Tomorrow, though, we're back at the school table!
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#82 of 230 Old 01-09-2007, 10:58 PM
 
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we had a great day - we met with another family at the beach - our families have both been around, aware of each other, etc for the last yearish... my dd will be 4 in april, their oldest will be 4 in july (also a 4 month old girl who my dd loves already), they are both sweet, sensitive, caring, gentle girls with a love ot nature - first time playing together and it was a hit. we have a 10 acre organic farm, they have a 10 acre organic farm. we have a lot of the same goals, ideas, etc and they are open to homeschooling if it organically falls in place for thier family :-)) we (the mamas) talked about it a lot today; of sharing a curriculum (oak meadow or live ed! or waldorf without walls, etc.), creating a co-op homeschooling group (i could teach art, the other mama could teach spanish), taking field trips together, joining in on a group horseback riding class, etc i could go on and on, it was amazing and feels like a real connection that could lead to a lot of positive things for all family members - way cool. good day....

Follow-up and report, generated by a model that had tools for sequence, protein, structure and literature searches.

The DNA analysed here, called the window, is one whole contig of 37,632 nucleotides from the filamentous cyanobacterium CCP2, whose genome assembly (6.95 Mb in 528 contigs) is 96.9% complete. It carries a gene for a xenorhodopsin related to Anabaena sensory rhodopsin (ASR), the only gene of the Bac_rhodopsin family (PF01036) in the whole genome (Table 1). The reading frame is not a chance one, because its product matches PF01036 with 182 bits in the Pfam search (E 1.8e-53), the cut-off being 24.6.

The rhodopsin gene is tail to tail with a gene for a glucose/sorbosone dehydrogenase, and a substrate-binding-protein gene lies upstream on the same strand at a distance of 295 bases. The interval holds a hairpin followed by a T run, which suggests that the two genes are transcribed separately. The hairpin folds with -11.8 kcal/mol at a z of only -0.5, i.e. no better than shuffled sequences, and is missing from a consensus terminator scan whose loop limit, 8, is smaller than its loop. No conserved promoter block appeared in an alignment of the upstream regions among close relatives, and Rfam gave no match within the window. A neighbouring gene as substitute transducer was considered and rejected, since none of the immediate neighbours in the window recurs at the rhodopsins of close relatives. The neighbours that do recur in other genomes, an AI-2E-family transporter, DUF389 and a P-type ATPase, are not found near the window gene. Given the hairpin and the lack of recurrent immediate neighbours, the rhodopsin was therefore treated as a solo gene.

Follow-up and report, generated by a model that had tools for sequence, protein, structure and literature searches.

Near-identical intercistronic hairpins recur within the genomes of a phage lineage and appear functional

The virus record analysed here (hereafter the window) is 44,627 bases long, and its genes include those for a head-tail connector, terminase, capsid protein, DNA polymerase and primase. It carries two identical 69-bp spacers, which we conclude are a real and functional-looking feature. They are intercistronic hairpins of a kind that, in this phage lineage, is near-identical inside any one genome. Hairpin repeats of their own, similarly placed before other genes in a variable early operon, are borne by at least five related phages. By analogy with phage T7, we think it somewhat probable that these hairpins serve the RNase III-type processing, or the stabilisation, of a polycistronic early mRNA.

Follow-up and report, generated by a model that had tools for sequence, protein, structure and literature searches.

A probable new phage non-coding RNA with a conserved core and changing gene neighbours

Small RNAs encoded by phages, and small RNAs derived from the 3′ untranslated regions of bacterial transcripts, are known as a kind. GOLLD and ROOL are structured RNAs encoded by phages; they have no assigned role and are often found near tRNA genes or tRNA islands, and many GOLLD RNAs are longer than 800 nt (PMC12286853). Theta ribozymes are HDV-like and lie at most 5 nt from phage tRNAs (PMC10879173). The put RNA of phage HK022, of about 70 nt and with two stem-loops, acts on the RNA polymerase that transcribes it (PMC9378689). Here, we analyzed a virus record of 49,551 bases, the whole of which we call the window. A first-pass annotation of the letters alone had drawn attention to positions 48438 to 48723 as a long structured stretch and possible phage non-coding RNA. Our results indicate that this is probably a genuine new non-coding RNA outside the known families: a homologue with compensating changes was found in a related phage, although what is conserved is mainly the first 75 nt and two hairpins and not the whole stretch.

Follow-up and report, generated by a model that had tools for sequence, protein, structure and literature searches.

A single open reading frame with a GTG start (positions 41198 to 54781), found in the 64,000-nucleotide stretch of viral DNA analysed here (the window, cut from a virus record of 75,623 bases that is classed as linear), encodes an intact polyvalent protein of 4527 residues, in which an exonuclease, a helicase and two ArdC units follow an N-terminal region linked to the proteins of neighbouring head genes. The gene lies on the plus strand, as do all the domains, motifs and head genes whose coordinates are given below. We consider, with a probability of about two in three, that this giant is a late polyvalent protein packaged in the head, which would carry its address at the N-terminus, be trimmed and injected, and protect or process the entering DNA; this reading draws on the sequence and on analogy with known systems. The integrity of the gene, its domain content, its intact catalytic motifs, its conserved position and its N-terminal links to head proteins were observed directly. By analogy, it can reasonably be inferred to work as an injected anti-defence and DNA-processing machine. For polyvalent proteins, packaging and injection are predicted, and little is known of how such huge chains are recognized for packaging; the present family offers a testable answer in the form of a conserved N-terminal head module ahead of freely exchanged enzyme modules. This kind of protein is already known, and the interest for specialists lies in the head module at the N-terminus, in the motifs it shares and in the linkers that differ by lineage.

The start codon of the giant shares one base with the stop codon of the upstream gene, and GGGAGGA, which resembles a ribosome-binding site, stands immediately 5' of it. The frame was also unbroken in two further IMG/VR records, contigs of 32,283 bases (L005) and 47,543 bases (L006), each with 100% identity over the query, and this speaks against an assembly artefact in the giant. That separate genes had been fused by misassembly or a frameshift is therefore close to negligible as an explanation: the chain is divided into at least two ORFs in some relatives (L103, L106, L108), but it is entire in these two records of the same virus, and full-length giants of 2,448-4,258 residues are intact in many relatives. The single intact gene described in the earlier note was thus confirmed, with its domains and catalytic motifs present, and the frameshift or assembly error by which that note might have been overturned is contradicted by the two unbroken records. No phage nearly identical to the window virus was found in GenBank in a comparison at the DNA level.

we are going over to their farm on friday for another play date and then our farm next week - cool!
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#83 of 230 Old 01-09-2007, 11:38 PM
 
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we had a great day - we met with another family at the beach - our families have both been around, aware of each other, etc for the last yearish... my dd will be 4 in april, their oldest will be 4 in july (also a 4 month old girl who my dd loves already), they are both sweet, sensitive, caring, gentle girls with a love ot nature - first time playing together and it was a hit. we have a 10 acre organic farm, they have a 10 acre organic farm. we have a lot of the same goals, ideas, etc and they are open to homeschooling if it organically falls in place for thier family :-)) we (the mamas) talked about it a lot today; of sharing a curriculum (oak meadow or live ed! or waldorf without walls, etc.), creating a co-op homeschooling group (i could teach art, the other mama could teach spanish), taking field trips together, joining in on a group horseback riding class, etc i could go on and on, it was amazing and feels like a real connection that could lead to a lot of positive things for all family members - way cool. good day....